Team Dover aircrews take part in Mobility Guardian

DOVER AIR FORCE BASE, Del. – Aircrews from the 3d and 9th Airlift Squadrons, and other Team Dover units are taking part in the Air Mobility Command’s premier exercise, Mobility Guardian, July 31 to Aug. 11, 2017, at Joint Base Lewis-McChord, Washington.

“Our ability to move national power to any location is key to the security of the United States,” said Gen. Carlton D. Everhart II, AMC commander. “Mobility Airmen are often the first to arrive and the last to depart. They provide continuous support to the joint warfighter. Simply put, success requires our Total Force team of mobility Airmen to work together with joint and international partners. Exercising our capabilities together is critical so when we are called upon, we can deliver quickly and precisely.”

Exercise Mobility Guardian is designed to enhance the capabilities of Mobility Airmen by preparing them to succeed in the dynamic threat environments of today and tomorrow.

“We’re creating an exercise that will encompass everything AMC does,” said Lt. Col. Jeremy Wagner, Mobility Guardian director. “We basically took every skillset from AMC and said, ‘What would the ideal exercise for each of our different mission sets look like?’ Then we combined them all into one.”

The exercise is about strengthening partnerships, discovery, learning and improving together as an integrated team, according to officials. Mobility Guardian will provide Mobility Airmen an opportunity to work with joint services, international partners and industry.

This exercise is being conducted with mobility aircraft heavily involved in the war against the Islamic State and employed worldwide to deliver hope to those in need. The Combat Air Forces are supporting the exercise with an array of fighter and bomber capability to include F-35s, F-16s, A-10s, F-15Es, F-15Cs, B-52s and the B-2.

The 3d AS sent three aircrews to the exercise and operated McChord C-17 Globemaster IIIs. They flew a total of seven sorties to and from the following locations: Moses Lake, Washington, the Mountain Home AFB Range Complex, Idaho, and Pope Field, North Carolina.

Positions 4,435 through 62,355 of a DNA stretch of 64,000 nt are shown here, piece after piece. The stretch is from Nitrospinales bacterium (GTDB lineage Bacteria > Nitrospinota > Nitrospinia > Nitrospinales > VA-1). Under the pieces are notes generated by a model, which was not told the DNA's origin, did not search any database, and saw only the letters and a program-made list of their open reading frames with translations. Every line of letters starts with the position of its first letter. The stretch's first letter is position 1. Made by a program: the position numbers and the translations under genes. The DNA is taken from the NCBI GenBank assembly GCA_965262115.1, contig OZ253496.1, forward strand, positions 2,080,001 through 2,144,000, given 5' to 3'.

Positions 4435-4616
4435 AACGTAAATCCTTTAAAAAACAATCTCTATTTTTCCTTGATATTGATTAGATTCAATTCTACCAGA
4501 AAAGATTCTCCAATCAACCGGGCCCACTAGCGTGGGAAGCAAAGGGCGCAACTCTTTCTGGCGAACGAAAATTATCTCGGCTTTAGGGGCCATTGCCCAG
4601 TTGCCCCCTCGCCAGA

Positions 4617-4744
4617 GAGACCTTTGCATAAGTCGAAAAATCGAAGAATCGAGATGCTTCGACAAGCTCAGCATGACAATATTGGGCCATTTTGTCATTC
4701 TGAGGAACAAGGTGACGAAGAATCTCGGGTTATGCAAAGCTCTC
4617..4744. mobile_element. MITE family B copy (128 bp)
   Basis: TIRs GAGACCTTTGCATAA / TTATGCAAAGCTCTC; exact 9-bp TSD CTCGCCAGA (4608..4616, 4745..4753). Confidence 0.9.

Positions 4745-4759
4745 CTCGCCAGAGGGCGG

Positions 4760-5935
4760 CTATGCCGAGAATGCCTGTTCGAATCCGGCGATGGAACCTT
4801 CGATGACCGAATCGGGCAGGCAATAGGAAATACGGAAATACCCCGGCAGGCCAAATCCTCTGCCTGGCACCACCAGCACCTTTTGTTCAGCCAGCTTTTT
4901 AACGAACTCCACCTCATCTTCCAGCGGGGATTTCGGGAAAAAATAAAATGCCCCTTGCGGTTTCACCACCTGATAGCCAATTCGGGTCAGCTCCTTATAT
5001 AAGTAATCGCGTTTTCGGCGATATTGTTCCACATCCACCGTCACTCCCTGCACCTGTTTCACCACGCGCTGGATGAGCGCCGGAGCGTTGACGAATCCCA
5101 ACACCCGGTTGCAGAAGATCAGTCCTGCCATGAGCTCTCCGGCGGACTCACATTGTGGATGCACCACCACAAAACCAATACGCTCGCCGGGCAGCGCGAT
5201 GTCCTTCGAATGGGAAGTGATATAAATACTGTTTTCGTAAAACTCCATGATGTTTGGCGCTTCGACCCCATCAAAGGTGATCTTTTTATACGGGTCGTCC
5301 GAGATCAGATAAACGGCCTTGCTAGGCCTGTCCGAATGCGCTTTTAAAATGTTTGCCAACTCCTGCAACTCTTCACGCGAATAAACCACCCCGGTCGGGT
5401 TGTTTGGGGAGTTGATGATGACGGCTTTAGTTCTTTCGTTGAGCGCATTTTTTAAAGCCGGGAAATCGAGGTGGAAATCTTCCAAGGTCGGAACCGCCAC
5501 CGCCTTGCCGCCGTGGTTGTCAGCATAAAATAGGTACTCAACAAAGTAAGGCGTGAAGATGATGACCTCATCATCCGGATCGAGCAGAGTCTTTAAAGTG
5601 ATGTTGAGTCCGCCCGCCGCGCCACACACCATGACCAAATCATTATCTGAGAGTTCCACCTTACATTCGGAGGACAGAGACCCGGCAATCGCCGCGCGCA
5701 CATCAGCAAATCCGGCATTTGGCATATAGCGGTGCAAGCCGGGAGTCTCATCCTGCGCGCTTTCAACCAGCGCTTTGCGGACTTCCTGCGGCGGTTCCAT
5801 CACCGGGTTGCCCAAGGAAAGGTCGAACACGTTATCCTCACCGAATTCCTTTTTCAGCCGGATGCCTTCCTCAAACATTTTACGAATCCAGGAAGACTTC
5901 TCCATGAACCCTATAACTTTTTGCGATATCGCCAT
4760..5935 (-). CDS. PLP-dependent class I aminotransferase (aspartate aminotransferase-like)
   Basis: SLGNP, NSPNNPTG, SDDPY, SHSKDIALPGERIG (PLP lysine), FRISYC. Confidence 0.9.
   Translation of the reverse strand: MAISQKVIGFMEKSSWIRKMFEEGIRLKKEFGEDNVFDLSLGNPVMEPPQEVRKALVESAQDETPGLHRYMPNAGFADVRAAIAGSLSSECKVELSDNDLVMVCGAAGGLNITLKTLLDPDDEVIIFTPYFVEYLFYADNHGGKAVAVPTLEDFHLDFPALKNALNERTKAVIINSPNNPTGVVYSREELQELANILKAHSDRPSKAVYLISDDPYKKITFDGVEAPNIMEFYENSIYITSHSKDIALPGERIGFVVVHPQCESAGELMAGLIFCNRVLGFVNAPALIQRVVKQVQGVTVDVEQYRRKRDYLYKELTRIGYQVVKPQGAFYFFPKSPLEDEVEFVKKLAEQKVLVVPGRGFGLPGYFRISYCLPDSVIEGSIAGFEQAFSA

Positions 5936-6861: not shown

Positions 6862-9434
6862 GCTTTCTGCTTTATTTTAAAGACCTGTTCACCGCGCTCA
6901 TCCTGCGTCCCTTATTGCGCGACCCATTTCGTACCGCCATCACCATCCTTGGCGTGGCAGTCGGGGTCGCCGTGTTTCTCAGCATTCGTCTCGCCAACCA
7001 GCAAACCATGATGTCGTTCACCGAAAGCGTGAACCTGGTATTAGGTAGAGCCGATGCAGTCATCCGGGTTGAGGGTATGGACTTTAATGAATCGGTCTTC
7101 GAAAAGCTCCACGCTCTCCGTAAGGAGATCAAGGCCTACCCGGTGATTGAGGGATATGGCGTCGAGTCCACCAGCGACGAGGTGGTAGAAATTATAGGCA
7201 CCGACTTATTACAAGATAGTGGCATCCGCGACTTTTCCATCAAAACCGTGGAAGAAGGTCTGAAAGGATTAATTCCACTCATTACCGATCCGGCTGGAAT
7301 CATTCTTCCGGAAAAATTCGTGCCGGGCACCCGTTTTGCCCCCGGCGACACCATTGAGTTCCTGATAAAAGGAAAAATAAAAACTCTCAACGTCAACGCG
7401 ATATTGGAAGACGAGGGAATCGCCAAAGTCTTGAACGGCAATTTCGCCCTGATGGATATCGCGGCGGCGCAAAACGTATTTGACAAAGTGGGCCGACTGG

The 9th AS also took part in the exercise, but because the Dover AFB C-5M fleet was under a stand-down, they borrowed a C-5M from Dover’s west coast sister-base, Travis AFB.

“Really what I would say the most important part of the mission was the hard work and dedication put forth by both active duty C-5 squadrons,” said Capt. Christopher Waszak, 9th AS pilot and training officer. “It was an integrated effort between the 9th AS and the 22nd AS at Travis.”

According to Waszak, the 9th AS aircrew transported essential equipment for a mobile command center belonging to the 55th Contingency Response Wing.

For both Team Dover squadrons, essential training was accomplished on various levels by the pilots, loadmasters and flight engineers who participated.

In addition to the flying squadrons, the 436th and 512th Maintenance Groups sent 19 experts to augment Travis maintenance. The 436th MXG also sent six aerospace ground equipment drivers to McChord to support transiting C-5s, and eight C-5 experts to Fairchild AFB to support their transient alert functions. In addition to this, the 436th Operations Support Squadron sent a small contingent of intelligence Airmen to support the exercise.

Throughout the exercise, teams are making observations and gathered metrics that will be passed to AMC leadership to develop an appropriate site picture of the Mobility Air Forces’ capabilities. They will also compile lessons learned for areas that need improvement, post-exercise.